Irish painter George Campbell lived and worked in Pedregalejo, Malaga for over 20 years.
The artist has a roundabout (Glorieta Jorge Campbell) named after him in Malaga, on AvenidaCerrado Calderon, at the junction with Calle Flamenco and CalleAndaluz.
Campbell was born in Arklow, County Wicklow in 1917. He went to school in Dublin, and then moved to Belfast, where met his wife Margaret, known as Madge. His first subject was the bomb damage to the aircraft factory when he was working during the Second World War. He became friends with fellow artist Gerard Dillon-they formed part of a group of avant-garde painters known as the "Belfast Boys". In the 1960s Campbell won many prestigious awards in Ireland, and achieved international fame.
The artist fell in love with Spain in the 1950s, living in Pedregalejofor six (winter) months of the year during a period of 20 years, when it was just a small fishing village near the city of Malaga.One of the reasons he loved Spain was for its dry, warm climate, as he suffered from health problems exacerbated by Ireland's dampness.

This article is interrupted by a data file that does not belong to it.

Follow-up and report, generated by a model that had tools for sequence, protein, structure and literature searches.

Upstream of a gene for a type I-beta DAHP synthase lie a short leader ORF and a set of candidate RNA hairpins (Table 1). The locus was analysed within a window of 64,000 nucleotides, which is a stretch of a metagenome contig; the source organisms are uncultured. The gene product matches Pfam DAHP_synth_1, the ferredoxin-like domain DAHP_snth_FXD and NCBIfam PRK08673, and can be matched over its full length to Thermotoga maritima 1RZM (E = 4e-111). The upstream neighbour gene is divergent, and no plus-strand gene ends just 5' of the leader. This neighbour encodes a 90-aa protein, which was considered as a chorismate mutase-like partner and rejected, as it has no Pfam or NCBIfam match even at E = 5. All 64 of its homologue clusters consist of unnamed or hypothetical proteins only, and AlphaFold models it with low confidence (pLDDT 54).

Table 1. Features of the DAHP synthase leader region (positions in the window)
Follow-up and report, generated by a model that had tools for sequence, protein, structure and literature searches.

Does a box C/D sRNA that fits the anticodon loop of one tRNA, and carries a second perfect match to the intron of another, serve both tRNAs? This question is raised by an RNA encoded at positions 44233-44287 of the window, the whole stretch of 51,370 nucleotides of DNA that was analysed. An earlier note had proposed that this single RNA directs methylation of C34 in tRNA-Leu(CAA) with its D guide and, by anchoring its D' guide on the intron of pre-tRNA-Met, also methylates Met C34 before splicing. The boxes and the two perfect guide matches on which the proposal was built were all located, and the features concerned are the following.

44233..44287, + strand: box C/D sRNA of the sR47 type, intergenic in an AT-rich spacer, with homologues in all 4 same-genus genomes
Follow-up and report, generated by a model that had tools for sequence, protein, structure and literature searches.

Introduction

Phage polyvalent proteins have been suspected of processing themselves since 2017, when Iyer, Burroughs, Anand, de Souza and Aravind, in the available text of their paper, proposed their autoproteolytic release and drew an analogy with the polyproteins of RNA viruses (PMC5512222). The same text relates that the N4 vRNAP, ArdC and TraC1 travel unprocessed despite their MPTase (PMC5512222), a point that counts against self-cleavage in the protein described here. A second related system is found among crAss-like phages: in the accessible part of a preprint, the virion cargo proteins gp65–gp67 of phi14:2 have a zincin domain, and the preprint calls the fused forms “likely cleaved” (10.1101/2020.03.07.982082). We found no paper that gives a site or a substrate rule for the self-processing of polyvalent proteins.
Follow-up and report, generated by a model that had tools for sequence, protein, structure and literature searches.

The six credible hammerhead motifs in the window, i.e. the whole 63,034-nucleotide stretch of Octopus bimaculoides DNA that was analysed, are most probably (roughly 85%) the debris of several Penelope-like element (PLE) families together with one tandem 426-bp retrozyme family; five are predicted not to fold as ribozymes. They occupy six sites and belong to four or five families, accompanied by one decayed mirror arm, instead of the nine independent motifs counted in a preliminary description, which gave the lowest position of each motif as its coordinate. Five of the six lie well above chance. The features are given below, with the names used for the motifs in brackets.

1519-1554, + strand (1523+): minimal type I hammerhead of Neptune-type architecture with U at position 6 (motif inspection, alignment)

He painted abstract "quasi-Cubist" scenes inspired by the landscape and people of both his home and his adoptive countries; he was well-known for his bold use of colour.Most of his paintings were done in Ireland, although he knew other expat painters in the Malaga area.
In 1978 Campbell was made a Commander of the Order of MeritoCivile (the Spanish equivalent of a knighthood), and he died suddenly in Ireland the following year at the age of 62.
Then in 2006 Malaga City Council honoured the artist by dedicating the new roundabout in his name, near Parque de Morlaco. A plaque was unveiled at the house in Arklow where he was born in 2017, the centenary of his birth.
Campbell was also a fine musician, and learned the flamenco guitar while living in Spain.
Watch the documentary on George Campbel: Looking for George